Set fire in Malaysia and petrol safety advice

Set fire in Malaysia and petrol safety advice

Set fire in Malaysia and petrol safety advice

Thirty one actors have suffered burns after a stunt went wrong on the set of Chinese New Year Movie Amazing Spring.  Eleven of the cast members remain hospitalised.

The accident happened when three buildings were set on fire for a scene while filming in Bandar Bukit Puchong in Malaysia.  Firemen were reportedly on standby.   However, a spokesperson for the production commented, “The vaporisation process ended up on the clothes of the actors, and when the petrol was ignited, their clothes caught fire.”

“We didn’t expect… the fire to spread through the ground and read the cast members,” said Jack Lim, the executive producer for the Amazing Spring, during a press conference at the Sunway Medical Centre. “We shook the hands of every family member of the victims and bowed to them.”

The injured cast members include actress Joey Leong (24), Cedric Loo (30), and veteran actress Sharon Yeung Pan-pan (59).

Sunway Medical Centre’s Dr Seow Vei Ken, the head of the hospital’s Accident and Emergency Department, confirmed that Yeung sustained 7% of second-degree burns on the left side of her face, her right arm and both her legs. Leong sustained 5% of second-degree burns on both legs.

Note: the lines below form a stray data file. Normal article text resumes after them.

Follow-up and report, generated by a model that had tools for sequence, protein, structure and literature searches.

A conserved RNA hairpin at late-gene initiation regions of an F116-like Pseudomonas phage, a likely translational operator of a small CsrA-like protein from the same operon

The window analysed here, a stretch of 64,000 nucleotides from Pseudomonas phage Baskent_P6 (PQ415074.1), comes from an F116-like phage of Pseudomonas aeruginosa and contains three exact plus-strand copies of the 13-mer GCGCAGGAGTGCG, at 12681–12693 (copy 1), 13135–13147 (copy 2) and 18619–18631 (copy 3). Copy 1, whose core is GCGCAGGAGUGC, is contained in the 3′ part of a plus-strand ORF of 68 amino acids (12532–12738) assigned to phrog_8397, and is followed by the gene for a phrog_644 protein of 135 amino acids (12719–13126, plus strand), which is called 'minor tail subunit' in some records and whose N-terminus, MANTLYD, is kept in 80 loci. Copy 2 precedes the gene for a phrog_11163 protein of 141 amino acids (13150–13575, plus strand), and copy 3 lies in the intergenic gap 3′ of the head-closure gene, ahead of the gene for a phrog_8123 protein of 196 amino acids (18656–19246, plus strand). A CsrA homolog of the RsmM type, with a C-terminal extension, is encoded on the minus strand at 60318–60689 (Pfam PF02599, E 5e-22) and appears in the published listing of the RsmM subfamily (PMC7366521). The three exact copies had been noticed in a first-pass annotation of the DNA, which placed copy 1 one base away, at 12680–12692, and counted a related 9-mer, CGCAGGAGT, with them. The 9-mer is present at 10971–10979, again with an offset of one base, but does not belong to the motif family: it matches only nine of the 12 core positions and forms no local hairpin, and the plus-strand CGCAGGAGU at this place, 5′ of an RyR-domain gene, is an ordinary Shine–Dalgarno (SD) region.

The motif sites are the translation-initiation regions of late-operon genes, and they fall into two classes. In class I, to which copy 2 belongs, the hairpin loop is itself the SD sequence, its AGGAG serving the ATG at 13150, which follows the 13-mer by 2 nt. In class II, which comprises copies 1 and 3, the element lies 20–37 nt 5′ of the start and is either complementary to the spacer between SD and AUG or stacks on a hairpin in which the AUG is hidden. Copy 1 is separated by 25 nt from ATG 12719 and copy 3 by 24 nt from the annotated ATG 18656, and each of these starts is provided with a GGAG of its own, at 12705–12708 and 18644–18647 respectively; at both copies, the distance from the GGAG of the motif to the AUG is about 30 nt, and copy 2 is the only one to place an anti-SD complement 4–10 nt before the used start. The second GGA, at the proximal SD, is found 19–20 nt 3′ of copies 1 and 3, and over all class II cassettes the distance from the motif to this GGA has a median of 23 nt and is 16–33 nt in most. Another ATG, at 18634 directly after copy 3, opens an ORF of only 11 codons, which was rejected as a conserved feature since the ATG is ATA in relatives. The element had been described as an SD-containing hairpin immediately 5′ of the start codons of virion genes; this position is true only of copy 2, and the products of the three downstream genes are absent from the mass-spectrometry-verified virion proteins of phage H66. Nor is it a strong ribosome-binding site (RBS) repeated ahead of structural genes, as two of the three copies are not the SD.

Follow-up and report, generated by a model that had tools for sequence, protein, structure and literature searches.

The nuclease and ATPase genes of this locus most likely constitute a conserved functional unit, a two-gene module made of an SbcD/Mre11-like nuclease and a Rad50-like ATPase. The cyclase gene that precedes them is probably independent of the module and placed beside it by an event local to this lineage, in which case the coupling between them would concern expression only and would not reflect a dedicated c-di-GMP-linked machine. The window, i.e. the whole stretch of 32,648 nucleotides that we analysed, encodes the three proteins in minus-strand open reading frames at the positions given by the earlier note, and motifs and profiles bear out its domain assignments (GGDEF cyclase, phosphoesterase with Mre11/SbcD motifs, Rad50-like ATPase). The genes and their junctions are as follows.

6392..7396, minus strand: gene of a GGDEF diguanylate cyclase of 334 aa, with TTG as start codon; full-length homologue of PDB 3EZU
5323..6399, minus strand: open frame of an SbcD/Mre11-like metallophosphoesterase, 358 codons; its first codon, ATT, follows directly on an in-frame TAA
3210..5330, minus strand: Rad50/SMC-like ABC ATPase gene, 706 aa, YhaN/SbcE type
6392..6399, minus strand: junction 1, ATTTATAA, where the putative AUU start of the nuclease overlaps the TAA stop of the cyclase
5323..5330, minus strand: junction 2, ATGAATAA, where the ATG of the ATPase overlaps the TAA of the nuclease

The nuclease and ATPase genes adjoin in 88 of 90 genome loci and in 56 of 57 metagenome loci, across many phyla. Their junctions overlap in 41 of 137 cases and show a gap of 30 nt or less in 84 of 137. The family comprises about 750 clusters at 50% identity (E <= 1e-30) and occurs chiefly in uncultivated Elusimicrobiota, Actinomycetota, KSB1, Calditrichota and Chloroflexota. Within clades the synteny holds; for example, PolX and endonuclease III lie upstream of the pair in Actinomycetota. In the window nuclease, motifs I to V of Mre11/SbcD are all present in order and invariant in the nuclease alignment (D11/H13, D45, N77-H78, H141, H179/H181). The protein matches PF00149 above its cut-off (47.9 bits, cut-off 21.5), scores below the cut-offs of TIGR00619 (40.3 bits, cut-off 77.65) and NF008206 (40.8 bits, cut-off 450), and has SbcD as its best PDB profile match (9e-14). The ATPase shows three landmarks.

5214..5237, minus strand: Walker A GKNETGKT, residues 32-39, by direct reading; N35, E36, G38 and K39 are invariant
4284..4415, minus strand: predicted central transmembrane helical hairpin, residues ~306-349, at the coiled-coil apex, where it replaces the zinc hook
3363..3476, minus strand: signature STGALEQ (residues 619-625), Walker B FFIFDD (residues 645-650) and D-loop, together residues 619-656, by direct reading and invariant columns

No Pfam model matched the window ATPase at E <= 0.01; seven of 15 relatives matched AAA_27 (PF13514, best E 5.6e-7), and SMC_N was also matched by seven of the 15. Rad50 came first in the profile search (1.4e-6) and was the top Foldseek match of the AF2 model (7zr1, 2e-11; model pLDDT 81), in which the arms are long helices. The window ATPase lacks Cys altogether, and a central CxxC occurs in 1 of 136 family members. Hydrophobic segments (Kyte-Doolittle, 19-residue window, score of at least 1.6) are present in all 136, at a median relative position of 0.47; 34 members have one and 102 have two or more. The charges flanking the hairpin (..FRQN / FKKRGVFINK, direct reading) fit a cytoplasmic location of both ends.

“It will take about three weeks for them to recover,” he stated at the press conference.

The rapid ignition of the petrol vapour can be clearly seen in this video of the incident:

Nick Hayes, 1st Option Safety Adviser and Fire Expert says,

Petrol can be a very dangerous substance; it is a highly flammable liquid and can give off vapour which can easily be set on fire.

When not handled safely, it has the potential to cause a serious fire and/or explosion with a high risk of serious personal injury if petrol is stored or used in an unsafe way.

Petrol is a flammable colourless liquid with a very low flash point. At temperatures above -40°C, petrol produces a colourless vapour that is capable of being ignited by a flame, spark or heat source.  In practice, this means petrol vapour is capable of being ignited at any time, resulting in a fire and/or explosion.

The vapour from petrol is heavier than air and can build up in low lying areas such as drains, underground services or inspection pits.

Care must be taken to avoid handling petrol in or near these areas and must not be handled near a source of ignition, e.g. naked flame, smoking, heaters, hot engines, etc.

Vapour from petrol can affect a large area around the source and is known as the “hazard zone”. This area may extend to at least 4.5m in all directions and up to 1m above the source.  Take account of the local conditions and environment, such as wind and sloping ground, as the potentially flammable area around petrol may be extended significantly.

Petrol vapour will travel down slopes and can be carried by the wind.

If you need to have a ‘fire’ effect in your production, ensure you use a competent SFX Expert. They will avoid using petrol whenever they can, and instead use such things a LPG Flame Bars, Flammable Gels, Lighting effects etc. all of which are far safer.

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Paul Greeves
Paul.Greeves@1stOptionSafety.com